It's not like I don't get the logic of people assuming that someone who is a recovering alcoholic is totally incapable of having a good time if there's drinking happening around them. And I think for some people, this might be true. For certain recovering drug addicts, being around drug use could be especially damaging to their immediate happiness and general sobriety. But just as much as that can be true, it's often not, and when people assume you can't have fun in alcohol-filled situations, they are not only being offensive about your ability to deal, but they are robbing everyone of a chance to have fun together.
For me, I'm not necessarily unable to have fun when there's booze around, though I have experienced it. If I feel strong in my recovery, confident in my network of sober friends to whom I can reach out, and confident in myself that I will reach out should the need to do so present itself, then I’m typically just fine. If I start to feel a little...twitchy, I don't hesitate to leave, and it's honestly not a big deal if that happens. I've gone to bars since getting sober, though not many and not often, to hang out with friends, sing karaoke, and eat appetizers. I do find them a lot less appealing these days, but not nearly as unappealing .
I think about drugs and alcohol all the time, and how much I miss them
This was true for me when I was first got clean and sober, but with time, it gets a lot less sober. I think this kind of assumption—when you go through some major life thing that, for a time, defines your life like getting sober, or getting married, or having a baby, or whatever—people have a hard time moving past that, and letting you go back to being a well-rounded person who isn't solely defined by that one thing. People will want to define you by your relationship to drugs and alcohol and therefore assume that you define yourself that way too. Like, it's surprising to people that I'm not constantly thinking about drugs and alcohol.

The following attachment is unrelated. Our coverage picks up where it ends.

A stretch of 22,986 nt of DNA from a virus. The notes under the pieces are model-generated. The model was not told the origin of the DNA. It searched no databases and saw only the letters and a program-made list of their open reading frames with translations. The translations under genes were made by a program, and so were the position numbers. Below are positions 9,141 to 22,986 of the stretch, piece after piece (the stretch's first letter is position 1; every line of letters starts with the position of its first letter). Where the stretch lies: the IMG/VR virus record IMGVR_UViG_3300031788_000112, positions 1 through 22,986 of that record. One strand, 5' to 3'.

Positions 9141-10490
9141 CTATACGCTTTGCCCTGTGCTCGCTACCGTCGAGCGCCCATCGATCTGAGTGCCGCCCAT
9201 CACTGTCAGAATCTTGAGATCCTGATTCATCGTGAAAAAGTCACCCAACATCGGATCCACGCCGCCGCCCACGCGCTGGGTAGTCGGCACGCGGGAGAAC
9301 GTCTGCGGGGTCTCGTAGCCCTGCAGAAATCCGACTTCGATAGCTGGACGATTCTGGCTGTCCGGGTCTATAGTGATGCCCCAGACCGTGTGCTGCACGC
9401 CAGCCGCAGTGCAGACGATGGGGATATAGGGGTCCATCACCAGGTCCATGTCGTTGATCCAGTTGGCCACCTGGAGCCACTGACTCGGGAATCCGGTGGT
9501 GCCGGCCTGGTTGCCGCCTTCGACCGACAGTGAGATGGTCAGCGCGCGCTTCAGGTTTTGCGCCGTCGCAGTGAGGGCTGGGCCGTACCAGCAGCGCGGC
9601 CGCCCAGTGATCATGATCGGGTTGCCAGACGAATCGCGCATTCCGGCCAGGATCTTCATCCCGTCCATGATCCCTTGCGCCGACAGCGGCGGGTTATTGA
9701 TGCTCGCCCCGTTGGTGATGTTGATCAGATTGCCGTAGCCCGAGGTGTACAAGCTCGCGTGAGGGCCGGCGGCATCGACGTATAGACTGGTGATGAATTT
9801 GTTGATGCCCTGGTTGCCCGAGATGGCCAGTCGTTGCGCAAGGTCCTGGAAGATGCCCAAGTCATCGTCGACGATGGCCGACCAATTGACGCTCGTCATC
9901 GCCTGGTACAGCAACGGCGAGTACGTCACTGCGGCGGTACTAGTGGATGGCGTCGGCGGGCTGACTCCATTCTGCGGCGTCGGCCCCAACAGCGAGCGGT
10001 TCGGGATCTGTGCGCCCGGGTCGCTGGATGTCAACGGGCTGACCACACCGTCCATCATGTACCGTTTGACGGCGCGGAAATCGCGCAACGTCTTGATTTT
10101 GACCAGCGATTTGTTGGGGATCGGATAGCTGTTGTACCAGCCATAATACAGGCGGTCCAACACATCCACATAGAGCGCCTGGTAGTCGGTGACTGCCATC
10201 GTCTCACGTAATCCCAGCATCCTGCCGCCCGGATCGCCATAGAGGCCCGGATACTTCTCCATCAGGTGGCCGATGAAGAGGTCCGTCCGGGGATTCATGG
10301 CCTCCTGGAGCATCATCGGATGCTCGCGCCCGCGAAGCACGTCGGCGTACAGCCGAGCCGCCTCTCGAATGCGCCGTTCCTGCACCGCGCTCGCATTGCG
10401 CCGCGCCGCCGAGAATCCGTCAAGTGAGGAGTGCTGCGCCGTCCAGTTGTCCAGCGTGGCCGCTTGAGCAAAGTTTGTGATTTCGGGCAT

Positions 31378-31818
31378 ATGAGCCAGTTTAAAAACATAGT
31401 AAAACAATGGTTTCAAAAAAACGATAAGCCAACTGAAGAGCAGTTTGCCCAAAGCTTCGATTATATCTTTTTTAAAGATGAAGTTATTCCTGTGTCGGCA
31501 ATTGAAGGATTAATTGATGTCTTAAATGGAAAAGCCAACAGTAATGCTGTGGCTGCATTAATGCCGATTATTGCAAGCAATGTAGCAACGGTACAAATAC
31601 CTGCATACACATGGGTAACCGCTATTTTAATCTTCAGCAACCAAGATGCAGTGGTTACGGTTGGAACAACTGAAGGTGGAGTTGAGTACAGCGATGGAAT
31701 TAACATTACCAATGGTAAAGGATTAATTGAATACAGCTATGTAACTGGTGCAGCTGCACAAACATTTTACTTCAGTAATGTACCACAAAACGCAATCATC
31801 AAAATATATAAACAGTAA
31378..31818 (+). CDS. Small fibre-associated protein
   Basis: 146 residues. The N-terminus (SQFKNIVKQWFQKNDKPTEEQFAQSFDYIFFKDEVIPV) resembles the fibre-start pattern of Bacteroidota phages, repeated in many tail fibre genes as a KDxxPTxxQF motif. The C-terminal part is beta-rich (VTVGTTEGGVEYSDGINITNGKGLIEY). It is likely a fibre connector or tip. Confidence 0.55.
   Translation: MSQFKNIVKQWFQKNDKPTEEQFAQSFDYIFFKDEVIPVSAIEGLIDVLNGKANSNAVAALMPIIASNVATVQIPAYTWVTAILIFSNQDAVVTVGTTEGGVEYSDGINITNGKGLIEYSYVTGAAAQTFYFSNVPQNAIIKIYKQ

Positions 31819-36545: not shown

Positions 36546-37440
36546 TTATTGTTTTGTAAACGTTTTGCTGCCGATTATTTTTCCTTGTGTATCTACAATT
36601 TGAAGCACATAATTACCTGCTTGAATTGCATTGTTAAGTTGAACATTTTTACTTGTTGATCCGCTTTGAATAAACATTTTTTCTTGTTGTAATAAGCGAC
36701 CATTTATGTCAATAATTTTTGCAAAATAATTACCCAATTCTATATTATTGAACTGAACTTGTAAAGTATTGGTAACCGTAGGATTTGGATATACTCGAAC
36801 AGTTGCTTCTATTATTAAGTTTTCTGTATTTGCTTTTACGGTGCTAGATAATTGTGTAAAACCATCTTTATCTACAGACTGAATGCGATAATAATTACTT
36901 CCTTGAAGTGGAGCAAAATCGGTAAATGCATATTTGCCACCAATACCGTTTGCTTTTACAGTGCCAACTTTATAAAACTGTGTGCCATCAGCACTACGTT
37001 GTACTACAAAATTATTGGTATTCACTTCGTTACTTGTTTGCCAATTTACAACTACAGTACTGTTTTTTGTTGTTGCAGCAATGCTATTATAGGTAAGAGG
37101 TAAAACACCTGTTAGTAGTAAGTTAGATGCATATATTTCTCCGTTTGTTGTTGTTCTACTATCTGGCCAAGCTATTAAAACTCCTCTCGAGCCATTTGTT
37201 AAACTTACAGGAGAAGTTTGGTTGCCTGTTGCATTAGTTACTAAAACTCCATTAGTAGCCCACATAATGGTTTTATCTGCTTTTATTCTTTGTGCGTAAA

Don't get me wrong, I do think about my recovery a lot. It’s probably the most important facet of my life. Without it, I might not have the job I have now, or the friends, or my girlfriend, or food in my fridge, or clean socks and underwear, or working electricity in my house, or my house, for that matter. Since I also enjoy thinking about myself a lot, and recovery has a lot to do with me, I don’t find these thoughts tedious. But the obsessive pining for drugs and alcohol? Today, I'm happy to say those thoughts are gone.
I'm super religious
This one is touchy because, to be fair, a lot of people do have a really strong religious or spiritual component to their recovery, and that's totally cool. First of all, I am not bothered by people being religious—even super religious—unless their beliefs affect me in a negative way. I won’t get into my own spiritual convictions here, but what I will say is, when alcoholics and addicts in recovery get together to offer support to one another, it’s a powerful thing. Is there prayer involved? Sometimes. But I’ve never been ordered to pray. Is God involved? For many people, yeah. But the concept of God is very different from one person to another, which is why this topic is so touchy. I will say this: I do not belong to any sort of "cult." Hell no. Given my personality, if I can’t be the leader, I’m not going to join at all. So if you're going to make any assumptions about me, let it be based on those other parts of my personality because, like with anyone else, those are really the things that dictate who I am.
Images: Will Folsom/Flickr; Giphy(4)